Britain is increasingly giving the impression it values trade and security over human rights, MPs have warned.
A shift in diplomatic priorities and a string of high-profile trade visits by leaders of countries with some of the worst human rights records has led to the perception the government has downgraded the issue of human rights in its dealings with other countries, according to the Commons Foreign Affairs Select Committee.
Singled out for criticism by the committee was Tobias Ellwood, the Middle East minister, who once told parliament he was unable to recall whether he had raised the issue of human rights while leading a delegation to Egypt.
"We are disappointed by [his] choice of language on this occasion and others which raises questions about how energetically the government is raising human rights issues", the committee said in its report.
The committee said the UK could do more to support Italian authorities over the death of Giulio Regeni, an Italian national and Cambridge University student killed in Egypt who some experts say died after being tortured.
It also criticised the omission of Egypt and Bahrain from a Foreign Office list of countries requiring special attention over human rights abuses.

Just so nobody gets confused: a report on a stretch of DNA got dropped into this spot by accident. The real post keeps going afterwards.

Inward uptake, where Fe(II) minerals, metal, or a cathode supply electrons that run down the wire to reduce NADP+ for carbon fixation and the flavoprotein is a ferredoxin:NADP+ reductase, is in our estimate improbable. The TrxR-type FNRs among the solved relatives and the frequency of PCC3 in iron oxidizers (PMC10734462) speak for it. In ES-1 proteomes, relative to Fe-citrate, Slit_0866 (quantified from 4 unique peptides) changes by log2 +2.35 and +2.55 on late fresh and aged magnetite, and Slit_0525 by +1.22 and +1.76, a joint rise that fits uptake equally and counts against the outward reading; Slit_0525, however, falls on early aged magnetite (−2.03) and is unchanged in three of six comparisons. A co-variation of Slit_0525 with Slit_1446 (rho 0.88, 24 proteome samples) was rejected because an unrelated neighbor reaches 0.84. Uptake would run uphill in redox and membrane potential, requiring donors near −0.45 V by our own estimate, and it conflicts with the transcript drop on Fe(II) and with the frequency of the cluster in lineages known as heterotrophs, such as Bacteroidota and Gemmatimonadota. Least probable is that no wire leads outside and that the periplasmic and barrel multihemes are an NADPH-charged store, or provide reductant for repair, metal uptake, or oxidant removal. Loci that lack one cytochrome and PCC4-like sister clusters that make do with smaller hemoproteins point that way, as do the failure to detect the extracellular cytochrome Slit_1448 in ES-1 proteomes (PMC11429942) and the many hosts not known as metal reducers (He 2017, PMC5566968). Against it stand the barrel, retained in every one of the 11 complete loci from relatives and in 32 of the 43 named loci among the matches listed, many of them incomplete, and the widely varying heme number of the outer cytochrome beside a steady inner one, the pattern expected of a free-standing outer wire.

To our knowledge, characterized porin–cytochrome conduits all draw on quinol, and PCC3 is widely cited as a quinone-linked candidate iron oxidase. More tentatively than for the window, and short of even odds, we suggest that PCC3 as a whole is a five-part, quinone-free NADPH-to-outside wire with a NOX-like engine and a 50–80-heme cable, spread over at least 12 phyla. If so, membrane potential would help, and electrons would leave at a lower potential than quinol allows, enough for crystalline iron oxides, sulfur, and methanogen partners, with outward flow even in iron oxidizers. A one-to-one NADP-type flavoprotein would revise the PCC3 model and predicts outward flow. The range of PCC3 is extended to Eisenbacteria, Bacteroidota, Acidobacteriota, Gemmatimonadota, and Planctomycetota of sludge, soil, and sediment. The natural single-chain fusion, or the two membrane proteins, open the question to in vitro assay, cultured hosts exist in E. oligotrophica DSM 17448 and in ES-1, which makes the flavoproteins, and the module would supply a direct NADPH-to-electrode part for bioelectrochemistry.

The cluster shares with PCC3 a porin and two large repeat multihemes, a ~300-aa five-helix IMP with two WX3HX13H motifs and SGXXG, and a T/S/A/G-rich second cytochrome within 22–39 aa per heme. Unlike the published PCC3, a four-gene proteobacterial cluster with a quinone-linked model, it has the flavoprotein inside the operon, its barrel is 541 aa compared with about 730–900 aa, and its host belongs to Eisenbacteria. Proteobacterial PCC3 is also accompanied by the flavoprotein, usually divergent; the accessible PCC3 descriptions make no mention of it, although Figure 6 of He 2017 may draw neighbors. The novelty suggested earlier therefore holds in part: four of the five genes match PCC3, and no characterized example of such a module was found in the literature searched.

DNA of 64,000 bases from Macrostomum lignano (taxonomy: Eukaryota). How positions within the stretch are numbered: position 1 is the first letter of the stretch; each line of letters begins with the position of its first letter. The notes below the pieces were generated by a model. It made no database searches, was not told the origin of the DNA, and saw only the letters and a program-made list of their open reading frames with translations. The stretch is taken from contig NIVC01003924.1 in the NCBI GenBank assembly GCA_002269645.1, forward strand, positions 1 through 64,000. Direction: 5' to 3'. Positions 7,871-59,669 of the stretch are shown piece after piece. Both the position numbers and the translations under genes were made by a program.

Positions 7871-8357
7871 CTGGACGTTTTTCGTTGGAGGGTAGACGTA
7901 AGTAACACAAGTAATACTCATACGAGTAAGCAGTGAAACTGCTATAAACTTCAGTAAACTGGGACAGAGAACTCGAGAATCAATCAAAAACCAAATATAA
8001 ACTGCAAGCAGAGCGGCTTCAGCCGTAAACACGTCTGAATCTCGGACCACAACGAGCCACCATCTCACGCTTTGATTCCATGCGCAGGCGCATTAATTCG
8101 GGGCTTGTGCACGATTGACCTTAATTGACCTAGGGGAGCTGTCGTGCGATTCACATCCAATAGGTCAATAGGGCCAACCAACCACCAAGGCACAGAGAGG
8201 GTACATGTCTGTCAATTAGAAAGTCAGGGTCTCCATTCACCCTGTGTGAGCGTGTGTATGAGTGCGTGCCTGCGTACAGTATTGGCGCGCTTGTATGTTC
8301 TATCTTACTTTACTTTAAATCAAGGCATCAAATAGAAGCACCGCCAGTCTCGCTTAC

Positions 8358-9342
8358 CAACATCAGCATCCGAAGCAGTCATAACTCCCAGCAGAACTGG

The Foreign Office, the report concluded, should be "more mindful of the perceptions it creates at ministerial level, especially when other interests are engaged such as prosperity and security, as is the case with China, Egypt and Saudi Arabia".
Foreign Secretary Philip Hammond rejected the committee's criticism, saying: "I do not recognise this characterisation of our human rights work."
"Improving human rights is a core function of the Foreign Office and is the responsibility of every British diplomat around the world," he said.
"The UK supports over 75 human rights projects in more than 40 countries and this year we are doubling the funding available for human rights projects to £10 million - a true measure of the importance we attach to this agenda."
In the report, the MPs welcomed the dedicated human rights fund Mr Hammond referred to, but criticised its restriction only to countries receiving overseas aid.
The committee also called for a relaxation of rules barring groups which were not registered in their own countries from receiving funding.